Three months is a long time to go without submitting a post on a blog, but I've decided to space my thoughts out rather than post daily with such observations as "I've noticed I've peed on my shoe". The fact that I just have is neither here nor there.
We all spent ten weeks in Germany and Austria, me working at an international music festival most of the time and the four of us hiving off down to Austria from time to time to stay with friends who own a luxury hotel in the Alps. I gave a recital there with a baritone from the Vienna State Opera and, in a flash, a new concert series was born: future editions will feature high-quality singers from the festival with an evening in July and one in August. Dates will depend on our availability. Come along!
The cleanliness and ease of life in those two countries hits you when you return to urban France. We live in a beautiful city, but how difficult can it be to just keep it a little cleaner? Evidently impossible. Our bin has been stolen, meaning the other residents merely pile up their rubbish bags by the front door and hope the dustman - sorry, 'refuse officer' - will take them. Mrs. Fingers has to go to the police tomorrow morning to ask for another one. No doubt she'll have to spend about an hour with a highly motivated guardian of the peace to get through the associated paperwork, a wonderful use of police time.,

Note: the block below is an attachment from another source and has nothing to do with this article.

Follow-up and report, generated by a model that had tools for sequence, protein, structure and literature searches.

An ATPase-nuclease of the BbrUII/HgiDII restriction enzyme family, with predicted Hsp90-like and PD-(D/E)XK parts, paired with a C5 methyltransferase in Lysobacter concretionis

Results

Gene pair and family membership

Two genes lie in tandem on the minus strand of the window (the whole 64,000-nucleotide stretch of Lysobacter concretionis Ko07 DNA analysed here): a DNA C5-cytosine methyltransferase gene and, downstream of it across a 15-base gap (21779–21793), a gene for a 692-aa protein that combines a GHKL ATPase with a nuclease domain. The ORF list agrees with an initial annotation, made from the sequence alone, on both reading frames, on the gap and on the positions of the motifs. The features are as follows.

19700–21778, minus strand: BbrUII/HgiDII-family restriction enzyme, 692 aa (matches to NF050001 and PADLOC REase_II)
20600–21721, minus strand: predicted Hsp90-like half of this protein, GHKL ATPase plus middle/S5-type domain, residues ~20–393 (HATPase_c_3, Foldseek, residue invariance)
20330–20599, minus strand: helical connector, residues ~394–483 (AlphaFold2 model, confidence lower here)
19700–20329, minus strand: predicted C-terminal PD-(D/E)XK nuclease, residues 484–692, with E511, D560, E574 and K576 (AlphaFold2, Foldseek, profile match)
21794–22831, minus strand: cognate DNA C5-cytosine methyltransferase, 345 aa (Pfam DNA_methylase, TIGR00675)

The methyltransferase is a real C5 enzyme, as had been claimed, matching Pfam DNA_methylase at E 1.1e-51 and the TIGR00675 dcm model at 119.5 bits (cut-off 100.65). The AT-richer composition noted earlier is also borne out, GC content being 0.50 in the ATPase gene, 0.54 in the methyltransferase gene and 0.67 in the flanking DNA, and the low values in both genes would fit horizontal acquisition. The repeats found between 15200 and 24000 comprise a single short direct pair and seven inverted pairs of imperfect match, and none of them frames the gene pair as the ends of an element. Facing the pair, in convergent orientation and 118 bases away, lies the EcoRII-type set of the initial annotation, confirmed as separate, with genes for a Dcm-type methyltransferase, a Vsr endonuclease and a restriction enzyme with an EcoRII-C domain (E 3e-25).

Without wanting to go into all the reasons why basic, day-to-day existence is more manageable in German-speaking countries I have to say that one's mindset over there, having realised one is not going to receive a single bill or a single call from marketing companies during the entire stay, is totally different. Add the fact that we were living one minute from both the forest and my workplace and had a wonderfully large garden and you'll understand the peace which descends on you as soon as you set foot in the place. If we were there permanently, life would be different (I spent 11 years in Germany yet still never considered it home) but for an extended summer stay it's absolutely divine. It's not high on many people's list of preferred holiday destinations, but more fool them: you come back relaxed, rested and at peace with more than just your own existence.
A couple of days after hitting the mediterranean tarmac I was off to play a private concert at the house of some wealthy retired Brits and immediately rediscovered the peace and tranquility we'd got so used to in Bavaria. It really is possible, here; you just have to move out of town and pitch your tent next to a field of sunflowers or some such. It would be lovely to be able to do that, but commuting six days a week would take the gloss off the view, providing it was ever light enough to see it at the end of a working day. Wouldn't see the Fingernails as much, either, and that pretty much swings it.
Night all. Back to work.